Usurping his contemporaries Herzog has made films throughout the 20th and 21st centuries all over the world, veering from the jungles of South America to the fetid swamps of commercial Hollywood, even taking in a whistle-stop tour of a pregnant pacific Pompeii. His camera has surveyed the African veldt and the tropical plateaus of the Orient, proceeding from a shattered Middle East to the shivering wastes of Antarctica. Furthermore he has straddled fiction and non-fiction, documentaries, art installations, operas and biographies, moving effortlessly through genres and styles yet retaining his own distinct Teutonic purr. Finally the historical scale is breathtaking, situating his omnipotent observations among (off the top of my head) the Paleolithic to the medieval epoch, the bloody forging of the New World, the 17th, 18th, 19th and 20th century, taking two passes on the same story from a fiction and non-fiction position, before finally passing into space with a few cult SF oddities. Who the fuck else has managed that? More recently he has embarked on a side career as raconteur and verbal essayist through his numerous public speaking engagements, so I jumped at the chance to see the great Übermensch during his current book tour at an engagement at Westminster Central Hall, interviewed by the legendary journalist Paul Holdengraber at an event crowned as a Guide To The Perplexed. I have seen the light my friends, and it is good.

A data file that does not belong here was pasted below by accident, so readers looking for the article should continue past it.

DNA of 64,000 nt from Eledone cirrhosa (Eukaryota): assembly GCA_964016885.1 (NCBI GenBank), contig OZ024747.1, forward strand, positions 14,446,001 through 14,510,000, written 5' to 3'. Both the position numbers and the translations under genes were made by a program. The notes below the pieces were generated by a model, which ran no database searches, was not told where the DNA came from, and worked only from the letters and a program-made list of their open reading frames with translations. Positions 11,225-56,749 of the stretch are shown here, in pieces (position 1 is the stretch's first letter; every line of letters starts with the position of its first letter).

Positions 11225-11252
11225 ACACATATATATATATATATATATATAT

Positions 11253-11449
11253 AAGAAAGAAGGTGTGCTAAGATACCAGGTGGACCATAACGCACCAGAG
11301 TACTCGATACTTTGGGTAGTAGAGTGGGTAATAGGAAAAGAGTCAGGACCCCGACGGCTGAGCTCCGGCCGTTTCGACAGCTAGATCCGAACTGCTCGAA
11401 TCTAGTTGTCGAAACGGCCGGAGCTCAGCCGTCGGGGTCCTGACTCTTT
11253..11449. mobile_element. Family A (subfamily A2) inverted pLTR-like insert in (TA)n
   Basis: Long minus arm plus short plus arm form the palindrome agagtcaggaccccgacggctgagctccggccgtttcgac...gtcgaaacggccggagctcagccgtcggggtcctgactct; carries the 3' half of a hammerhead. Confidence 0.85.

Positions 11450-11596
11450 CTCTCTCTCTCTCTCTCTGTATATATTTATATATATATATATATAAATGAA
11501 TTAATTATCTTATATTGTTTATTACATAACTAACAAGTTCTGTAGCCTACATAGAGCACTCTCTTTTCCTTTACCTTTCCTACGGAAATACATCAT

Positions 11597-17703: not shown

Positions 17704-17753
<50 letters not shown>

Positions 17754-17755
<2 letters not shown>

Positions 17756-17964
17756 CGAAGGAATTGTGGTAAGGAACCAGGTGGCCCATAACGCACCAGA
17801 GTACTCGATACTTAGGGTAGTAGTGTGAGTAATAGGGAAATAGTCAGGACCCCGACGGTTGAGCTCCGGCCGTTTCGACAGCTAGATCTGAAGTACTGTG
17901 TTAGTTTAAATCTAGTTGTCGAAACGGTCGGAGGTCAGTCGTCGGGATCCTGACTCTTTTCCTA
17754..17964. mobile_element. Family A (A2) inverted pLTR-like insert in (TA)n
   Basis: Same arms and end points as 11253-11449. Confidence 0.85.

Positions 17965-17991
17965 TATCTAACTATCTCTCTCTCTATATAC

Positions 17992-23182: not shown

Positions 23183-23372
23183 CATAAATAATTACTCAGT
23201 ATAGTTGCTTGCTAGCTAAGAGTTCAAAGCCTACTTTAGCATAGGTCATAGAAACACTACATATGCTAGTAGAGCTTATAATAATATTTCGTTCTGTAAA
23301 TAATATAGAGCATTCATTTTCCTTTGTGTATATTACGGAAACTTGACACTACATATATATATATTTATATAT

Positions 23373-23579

‘Only the shallow think they know themselves’ – It’s only been a few hours since the verbal spectacle was absorbed, and my primitive mind is still a little bewildered and busy digesting the proceedings, so I think the best way to give a flavor of the evening would be a stream of consciousness diatribe – bear with me. Introduced (perhaps a little pretentiously) as ‘cognitive theatre’ this was something of a greatest hits of Herzog anecdotes, observations, opinions and predictions, frequently hilarious and pulsing with insight, starting with his current fascination with the psychic possibilities of the Oculus rift technology – the man is 72 years old and this is his opening gambit. What are the implications of this breakthrough for the long-term hospitalized, the insane or the death row inmate, giving them a safe alternate reality to escape their fractured and imprisoned functions? He dislikes Brecht and modern art (citing the poisoned industrial 1% collector ethos) and being pigeon-holed as a Romantic in the classical sense, and bemoans the lack of genuine, non-formulated journalism in most non-fiction work that he inquisitively approaches from an organic perspective. His documentarian instincts are to approach his subjects without a precept of questions or ideological territory, finding the work through conversation and query. He spent six months living with a near destitute family in Philadelphia as part of his ‘walking the earth’ period of his early twenties, marveling at the generosity of strangers (he met a blue-collar family while hitchhiking who gave him shelter without question) and was fascinated at the matriarchs invented language that she shared with her cocker spaniel. Years later he queried a priest on the wonder of gods creation and made him weep when he asked him of his most memorable encounter with a squirrel. He considers Psychoanalysis as damaging to civilization as the Spanish Inquisition (no, I’m not making the Squirrel thing up), as man must not delve too deep into his darkest squalor, and his witnessing of The Rolling Stones second ever American gig was something to behold – buy me a pint and I’ll regale you with that gem.